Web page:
Q. Due to the poor economy, we recently cut one of our manufacturing shift’s hours by 60%. This will continue indefinitely. We gave the affected employees two weeks’ advance notice, but we have now received a letter from an attorney claiming we should have given them 60 days’ advance notice. Is that right?
A. The lawyer may be right, depending on the circumstances of your company’s hour reduction. The federal Worker Adjustment and Retraining Notification (WARN) Act generally applies to employers with at least 100 employees. It requires covered employers to give affected employees and certain outside entities and individuals at least 60 days’ advance notice of a “plant closing” or “mass layoff” as those terms are defined by WARN.
While employers usually think of WARN as applying to plant closings and mass layoffs that result in of employment, WARN can also apply to some significant hour reductions.
Under WARN, a covered “plant closing” includes the permanent or temporary shutdown of a single site (or a unit within a single site) if the shutdown results in “employment loss” during any 30-day period for at least 50 full-time employees. A covered “mass layoff” includes an “employment loss” at a single site of employment during a 30-day period either for at least 500 full-time employees or at least 33% of the full-time employees and 50 or more full-time employees.
To determine whether a covered plant closing or mass layoff has occurred under WARN, the law provides that an “employment loss” includes, in addition to most involuntary terminations, a reduction in hours of more than 50% during each month for a six-month period.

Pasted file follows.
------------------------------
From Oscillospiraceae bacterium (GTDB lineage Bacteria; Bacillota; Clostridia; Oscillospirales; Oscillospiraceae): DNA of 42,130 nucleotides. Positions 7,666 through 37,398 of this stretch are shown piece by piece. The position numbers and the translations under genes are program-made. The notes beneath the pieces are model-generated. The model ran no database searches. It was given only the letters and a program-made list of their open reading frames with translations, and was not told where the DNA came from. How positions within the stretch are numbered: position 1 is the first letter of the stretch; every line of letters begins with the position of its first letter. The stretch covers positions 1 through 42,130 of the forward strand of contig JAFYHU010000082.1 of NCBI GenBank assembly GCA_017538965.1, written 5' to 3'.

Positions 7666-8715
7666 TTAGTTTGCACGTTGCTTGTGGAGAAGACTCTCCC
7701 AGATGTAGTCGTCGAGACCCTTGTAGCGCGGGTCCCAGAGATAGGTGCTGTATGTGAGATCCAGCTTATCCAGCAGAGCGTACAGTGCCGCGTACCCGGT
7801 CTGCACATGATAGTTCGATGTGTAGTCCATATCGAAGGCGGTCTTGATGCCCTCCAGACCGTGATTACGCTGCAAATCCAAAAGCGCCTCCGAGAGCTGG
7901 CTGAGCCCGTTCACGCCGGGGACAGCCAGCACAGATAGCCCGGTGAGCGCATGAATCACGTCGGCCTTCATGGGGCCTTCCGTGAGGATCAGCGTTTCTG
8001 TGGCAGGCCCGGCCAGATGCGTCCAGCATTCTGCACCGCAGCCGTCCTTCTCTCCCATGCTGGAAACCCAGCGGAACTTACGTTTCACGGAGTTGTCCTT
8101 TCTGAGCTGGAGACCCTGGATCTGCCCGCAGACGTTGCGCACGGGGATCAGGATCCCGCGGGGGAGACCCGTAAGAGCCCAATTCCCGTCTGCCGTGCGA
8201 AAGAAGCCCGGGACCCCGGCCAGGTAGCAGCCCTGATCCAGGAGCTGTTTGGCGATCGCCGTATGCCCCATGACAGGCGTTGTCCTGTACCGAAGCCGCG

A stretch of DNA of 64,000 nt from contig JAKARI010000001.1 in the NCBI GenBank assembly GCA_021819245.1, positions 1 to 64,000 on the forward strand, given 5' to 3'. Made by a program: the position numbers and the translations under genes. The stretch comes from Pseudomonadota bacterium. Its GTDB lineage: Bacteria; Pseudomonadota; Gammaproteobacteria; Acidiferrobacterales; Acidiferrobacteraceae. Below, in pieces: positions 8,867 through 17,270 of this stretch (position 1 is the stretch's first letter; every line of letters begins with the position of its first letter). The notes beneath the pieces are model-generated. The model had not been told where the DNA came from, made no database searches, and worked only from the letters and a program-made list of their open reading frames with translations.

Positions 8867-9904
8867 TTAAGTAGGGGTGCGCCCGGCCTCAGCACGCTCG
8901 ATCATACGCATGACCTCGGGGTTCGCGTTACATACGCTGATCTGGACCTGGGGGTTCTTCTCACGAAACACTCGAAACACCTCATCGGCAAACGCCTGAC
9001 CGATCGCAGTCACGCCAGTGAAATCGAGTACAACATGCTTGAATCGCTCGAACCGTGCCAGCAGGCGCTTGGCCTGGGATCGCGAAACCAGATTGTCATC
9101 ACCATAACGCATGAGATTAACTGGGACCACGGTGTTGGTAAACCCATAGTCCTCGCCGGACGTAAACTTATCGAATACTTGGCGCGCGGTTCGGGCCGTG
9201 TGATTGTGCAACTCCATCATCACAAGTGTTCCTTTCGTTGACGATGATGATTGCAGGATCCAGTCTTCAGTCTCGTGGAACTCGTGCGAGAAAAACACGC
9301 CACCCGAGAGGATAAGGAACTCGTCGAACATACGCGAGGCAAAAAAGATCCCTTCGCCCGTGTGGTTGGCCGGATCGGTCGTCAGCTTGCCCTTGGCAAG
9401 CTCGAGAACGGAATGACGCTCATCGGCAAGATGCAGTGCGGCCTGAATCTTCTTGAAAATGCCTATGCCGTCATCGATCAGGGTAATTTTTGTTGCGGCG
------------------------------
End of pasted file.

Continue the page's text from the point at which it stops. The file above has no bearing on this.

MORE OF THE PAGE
As such, your company likely was obligated to provide 60 days’ advance notice under WARN if each of the following applies:
- Your company has enough employees to be covered by WARN
- Its 60% hour reduction will occur in each month of a six-month period
- The hour reduction affects enough employees to constitute a “plant closing” or “mass layoff” under WARN.
If any of your employees are located outside Minnesota, check for state law requirements that apply.
- Good-Faith Process—But Not Absolutely Correct Conclusion—Is Enough to Fire Harasser
- Decrease in Overtime Hours Not Necessarily an 'Adverse Action'
- Mandatory retirement policy costs manufacturer $60,000
- Warn bosses: Do nothing that discourages FMLA leave or punishes those who take it
- Track HR decisions to show discipline wasn't harassment